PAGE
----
What Is Latent Heat? (Types, Formula, Problem, Example)

Latent Heat Explanation

Hello, science enthusiasts and curious learners! Are you ready to dive into a concept that’s as invisible as it is powerful, influencing everything from the water cycle to how your air conditioner keeps you cool? We’re exploring the fascinating world of latent heat, the hidden energy involved in changing the state of a substance without altering its temperature. This stealthy player in the realms of physics and thermodynamics plays a crucial role in many natural and technological processes.

This lecture will overview latent heat and how to use physical property data to help us with latent heat calculations. So, the term latent heat is used to describe heat transfer. It is associated with a phase change, and specifically a phase change at constant temperature and pressure. So, considering the phases, the only variable is changing latent heat from sensible heat. It is the heat transfer associated with the temperature change.

The phase changes in chemical engineering operations are the transition between a solid and a liquid and liquid and vapor. The transition of a solid to a liquid is melting. The change in specific enthalpy associated with that change is the melting heat. The transition between a liquid and vapor is vaporization, and the specific enthalpy change associated with that process is the heat of vaporization.

Grab your thinking cap and a refreshing drink because we’re about to uncover the secrets of latent heat and its impact on our world. Let’s turn up the heat (metaphorically speaking) on our understanding of this hidden energy!

What is Latent Heat?

The latent heat is the energy required to change the substance’s state from one phase to another. In other words, it’s the amount of energy to make a certain amount. It’s the phase of a substance to go from a liquid to a gas or a solid to a liquid and so forth. Different substances will have different values for their latent heat. The term latent heat was invented by Joseph Black in 1750 in search of ideal quantities of fuel and water for their distilling process.

Latent heat graph
Latent heat graph

What is the temperature change when you add heat to ice or water? When someone adds heat to the ice, the ice will melt, and then the water’s temperature will rise, which will continue for some time. Look at the temperature vs. time graph where the X-axis represents the time and the Y-axis represents temperature. After some time, the temperature rise stops, so it rises for a specific time. Then it becomes flat for some time. It remains flat at 100 degrees Celsius.

What’s happening here? It’s the latent heat of vaporization. The water turns into water vapor into gas or steam. So the water, the liquid, is changing into a gas at 100 degrees centigrade. When the state change is happening from liquid to gas, there is no change in temperature.

Phase i – Phase transition from solid to liquid. Latent heat of fusion is needed to break the solid bond.

Phase ii – Phase transition liquid to gas. Latent heat of vaporization is needed to break liquid bonds.

To understand the topic of latent heat, you should be familiar with the following:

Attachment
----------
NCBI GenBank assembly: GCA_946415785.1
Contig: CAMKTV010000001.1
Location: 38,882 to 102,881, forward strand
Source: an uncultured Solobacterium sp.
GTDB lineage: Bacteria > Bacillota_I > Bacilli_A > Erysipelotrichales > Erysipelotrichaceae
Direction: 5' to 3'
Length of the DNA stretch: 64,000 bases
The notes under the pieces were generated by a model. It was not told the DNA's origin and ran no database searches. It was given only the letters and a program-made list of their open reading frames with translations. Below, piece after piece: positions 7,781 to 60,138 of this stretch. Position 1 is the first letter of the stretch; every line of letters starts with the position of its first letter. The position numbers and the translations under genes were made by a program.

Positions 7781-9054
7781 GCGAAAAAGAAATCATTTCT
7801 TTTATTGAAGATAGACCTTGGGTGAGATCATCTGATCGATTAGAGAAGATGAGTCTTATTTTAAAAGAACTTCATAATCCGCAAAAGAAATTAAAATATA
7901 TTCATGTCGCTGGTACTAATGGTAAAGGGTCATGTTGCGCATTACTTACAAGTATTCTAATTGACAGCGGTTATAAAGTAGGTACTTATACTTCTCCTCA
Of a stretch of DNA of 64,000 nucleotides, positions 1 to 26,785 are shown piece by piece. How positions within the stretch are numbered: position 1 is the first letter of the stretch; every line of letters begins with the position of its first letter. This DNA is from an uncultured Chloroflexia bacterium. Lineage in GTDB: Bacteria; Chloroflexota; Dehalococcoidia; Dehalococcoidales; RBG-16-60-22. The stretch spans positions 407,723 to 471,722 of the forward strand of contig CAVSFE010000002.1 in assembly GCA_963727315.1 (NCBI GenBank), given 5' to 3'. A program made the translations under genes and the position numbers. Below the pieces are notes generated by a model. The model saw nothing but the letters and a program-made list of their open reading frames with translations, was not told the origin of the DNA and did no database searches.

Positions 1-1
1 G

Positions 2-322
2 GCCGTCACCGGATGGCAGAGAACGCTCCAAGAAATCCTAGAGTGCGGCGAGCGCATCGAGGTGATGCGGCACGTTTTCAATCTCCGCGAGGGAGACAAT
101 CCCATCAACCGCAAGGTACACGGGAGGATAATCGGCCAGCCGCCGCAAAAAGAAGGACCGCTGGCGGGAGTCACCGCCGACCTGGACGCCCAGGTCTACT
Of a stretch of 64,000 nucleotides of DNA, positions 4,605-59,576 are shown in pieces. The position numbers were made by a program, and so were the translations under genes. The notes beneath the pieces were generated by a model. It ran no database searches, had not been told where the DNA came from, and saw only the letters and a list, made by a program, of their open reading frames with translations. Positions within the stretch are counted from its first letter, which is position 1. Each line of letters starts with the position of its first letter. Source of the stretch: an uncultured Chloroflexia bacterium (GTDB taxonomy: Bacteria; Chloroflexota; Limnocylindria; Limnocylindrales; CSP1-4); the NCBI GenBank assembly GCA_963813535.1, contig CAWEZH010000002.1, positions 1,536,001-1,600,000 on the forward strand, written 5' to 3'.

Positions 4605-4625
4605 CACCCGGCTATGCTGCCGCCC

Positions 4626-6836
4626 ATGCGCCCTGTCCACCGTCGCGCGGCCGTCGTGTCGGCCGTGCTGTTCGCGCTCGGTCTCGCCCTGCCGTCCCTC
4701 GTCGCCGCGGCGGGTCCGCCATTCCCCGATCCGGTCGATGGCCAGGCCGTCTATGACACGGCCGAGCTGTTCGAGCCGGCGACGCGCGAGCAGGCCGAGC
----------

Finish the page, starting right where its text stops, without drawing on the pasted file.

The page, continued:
• The law of conservation of energy.
  • The effect of intermolecular forces on phase transitions.

Types of latent heat: There are three different types of latent heat. They are,

  • Latent Heat of Fusion.
  • Latent Heat of Vaporization.
  • Latent Heat of Sublimation.

Latent heat formula: Two formulas depend on the phase or temperature to calculate latent heat or energy.

E = m × L ( For phase change).
Q = m × c × ΔT ( For temperature change ).

Here, E & Q is the energy for a state change, and m (kg) is mass. L is the specific latent heat (J/kg) & c is the specific heat capacity.

Latent heat in Chemistry

In chemistry and physics, latent heat refers to the amount of energy (in the form of heat) that is absorbed or released by a substance during a change of state (also known as a phase transition) without a temperature change. These state changes include melting (solid to liquid), freezing (liquid to solid), vaporization (liquid to gas), condensation (gas to liquid), sublimation (solid to gas), and deposition (gas to solid). Latent heat is a critical concept in understanding how energy is transferred in physical processes and is essential in various fields, including meteorology, HVAC (heating, ventilation, and air conditioning), and materials science.

There are two main types of latent heat:

Latent Heat of Fusion (L_f): This is the heat required to change a substance from solid to liquid at its melting point. It is absorbed by the substance during melting and released during freezing. The latent heat of fusion is crucial for understanding processes like ice melting in water, which plays a significant role in climate systems and the energy balance of the Earth’s surface.

Latent Heat of Vaporization (L_v): This is the heat required to change a substance from liquid to gas at its boiling point. It is absorbed by the substance during vaporization and released during condensation. The latent heat of vaporization is significantly larger than the latent heat of fusion because breaking the intermolecular forces to transition from liquid to gas requires more energy than transitioning from solid to liquid. This concept is important in understanding the energy involved in the water cycle, including evaporation and condensation processes.

The values of latent heat are specific to each substance and are usually expressed in units of energy per mass, such as joules per kilogram (J/kg). For example, the latent heat of fusion for water is approximately 334,000 J/kg, and the latent heat of vaporization for water is about 2,260,000 J/kg at 100°C.

Latent heat plays a fundamental role in many natural and technological processes. For example, in weather systems, the latent heat of vaporization of water vapor is a key driver of storm dynamics. Understanding and managing latent heat is crucial for efficient energy use in refrigeration and distilling liquids in industrial applications.